How Expats In The Dominican Republic Deal With Hurricanes

When Hurricanes Irma And Maria Struck The Dominican Republic…

The Atlantic hurricane season runs from the beginning of June to the end of November. This year we’re all more aware of that fact than ever.

The Dominican Republic, where I’m living, knows that there is a chance of a hurricane or a tropical storm arriving each year. The country is well prepared. In addition, these days it’s possible to access a wealth of data online, so everyone can see as soon as a tropical wave has left the west coast of Africa and is on its way across the ocean.

Whether it will develop into a storm or indeed a hurricane depends on many factors, including the winds it encounters, the temperature of the ocean, and the amount of dust from the Sahara desert in the atmosphere (the dust can hinder development).

We can see a storm or a hurricane when it is a week away and track it to predict whether it will come to the island or not and which parts of the island might be affected.

This year, hurricanes Irma and Maria were both due to pass straight along the north of the island. However, until they actually arrived, it was hard to know if the eye would be offshore or a direct hit all along the north coast.

The island began hurricane preparations a few days before the hurricane was due to arrive in each case. This means buying candles and flashlights and ensuring there is enough gasoline for generators and that inverter batteries are topped up.

We know to keep all cell phones, laptops, and tablets fully charged. This is because the country turns off the electricity as a storm passes through so that loose wires do not electrocute people or cause fires. As we are used to frequent cuts, many people have backup systems in place.

In my home, have a small battery-powered radio in case of an outage of several days so we have some means of keeping abreast of what is happening.

The other main commodity to arrange for is water. In some parts of the Dominican Republic, water comes directly to the faucets. In others, people have cisterns or wells. In the case of the latter two, water is pumped into the house from the cistern or well using electricity, so no electricity means no water. In addition, aqueducts, where the water is stored, can be damaged in a hurricane, meaning an interruption in the water supply of days or weeks.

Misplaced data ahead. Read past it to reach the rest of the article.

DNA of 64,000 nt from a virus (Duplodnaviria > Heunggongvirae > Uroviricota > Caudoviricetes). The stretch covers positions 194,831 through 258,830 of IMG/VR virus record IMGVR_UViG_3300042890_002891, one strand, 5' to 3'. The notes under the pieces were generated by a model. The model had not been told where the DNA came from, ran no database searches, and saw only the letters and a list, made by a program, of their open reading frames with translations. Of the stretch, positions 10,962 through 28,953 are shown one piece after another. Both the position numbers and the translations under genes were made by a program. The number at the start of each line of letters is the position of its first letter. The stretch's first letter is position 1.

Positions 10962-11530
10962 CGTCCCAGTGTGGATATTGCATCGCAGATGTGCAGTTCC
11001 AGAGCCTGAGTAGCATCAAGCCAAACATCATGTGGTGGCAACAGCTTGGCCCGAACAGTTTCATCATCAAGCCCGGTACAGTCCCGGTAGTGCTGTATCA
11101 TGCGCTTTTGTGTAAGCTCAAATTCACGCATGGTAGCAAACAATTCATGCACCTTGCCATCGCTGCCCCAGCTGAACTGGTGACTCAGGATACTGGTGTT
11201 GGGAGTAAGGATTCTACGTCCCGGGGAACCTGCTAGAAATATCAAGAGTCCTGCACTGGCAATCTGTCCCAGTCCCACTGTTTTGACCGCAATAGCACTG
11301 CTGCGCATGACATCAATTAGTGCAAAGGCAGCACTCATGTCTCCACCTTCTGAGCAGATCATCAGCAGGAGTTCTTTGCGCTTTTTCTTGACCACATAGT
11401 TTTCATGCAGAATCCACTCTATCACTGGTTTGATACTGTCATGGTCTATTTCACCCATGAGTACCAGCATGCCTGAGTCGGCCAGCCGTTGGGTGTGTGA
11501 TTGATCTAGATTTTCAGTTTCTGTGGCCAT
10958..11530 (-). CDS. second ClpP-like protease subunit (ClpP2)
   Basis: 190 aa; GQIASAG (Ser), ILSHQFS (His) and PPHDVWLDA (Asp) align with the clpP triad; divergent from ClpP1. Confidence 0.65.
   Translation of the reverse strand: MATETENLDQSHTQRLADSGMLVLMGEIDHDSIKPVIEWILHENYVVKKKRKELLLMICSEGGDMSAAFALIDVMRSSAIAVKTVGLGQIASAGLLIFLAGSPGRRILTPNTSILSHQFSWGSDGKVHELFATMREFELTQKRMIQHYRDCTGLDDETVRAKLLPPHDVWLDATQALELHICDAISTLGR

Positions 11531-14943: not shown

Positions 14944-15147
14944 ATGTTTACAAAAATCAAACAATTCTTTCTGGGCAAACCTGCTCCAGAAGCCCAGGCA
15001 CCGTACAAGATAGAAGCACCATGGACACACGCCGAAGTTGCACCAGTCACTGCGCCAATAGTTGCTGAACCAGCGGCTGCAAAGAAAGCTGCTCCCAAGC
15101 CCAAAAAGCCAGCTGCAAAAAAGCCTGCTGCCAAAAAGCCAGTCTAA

To be prepared for any of these eventualities, we buy five-gallon bottles of drinking water and fill buckets and containers with water for household use.

I live about 50 miles inland from the north coast, in the mountains, so both Irma and Maria passed me and I experienced relatively little damage.

During Irma, which was a Category 5 event, I was working as the Dominican Republic correspondent for The Washington Post, sending them feeds about the hurricane all throughout the day.

The rains started at about 3 a.m. and continued very heavily until about 4 p.m. The winds howled from about 10 a.m., becoming stronger and remaining constant. Trees were bent over, branches flew around, and my biggest fear was that our 30-foot aerial on the roof would break, which would mean no internet.

But we were lucky, and that didn’t happen. The electricity went off for three hours, but I was able to stay connected to provide information to the paper and to various Facebook groups of people in the country or with family here.

Along the north coast, in the tourist and expat areas of Sosúa, Cabarete, and Puerto Plata, as well as the Samaná Peninsula, the electricity went out for three or four days, but apart from that there was little major damage.

Maria was a different story. This was only a Category 3 hurricane when it passed the north coast. However, Maria was moving much more slowly than Irma, which meant she affected the island longer.

The main issue for the country from Maria was the flooding, both because of the rain and also because some of the country’s main dams were opened to keep them from breaching. The dams spilled into the already full rivers until they overflowed. Many Dominicans live near the rivers, and many of these people lost their homes. Some lost their lives.

In addition, much of the agricultural land was flooded, causing the loss of crops. This will lead to some price rises.

The main effect of Maria for my household was a loss of water. Muddy water blocked the main pump. It took a couple of weeks to make the necessary repairs. In the meantime, we bought truckloads of water. A truckload cost about US$40 and lasted us four or five days.

So, yes, the Dominican Republic gets hurricanes, but this island is used to getting hurricanes. Dominicans know how to prepare and how to recover… and make sure we expats know what to do, too.

Lindsay de Feliz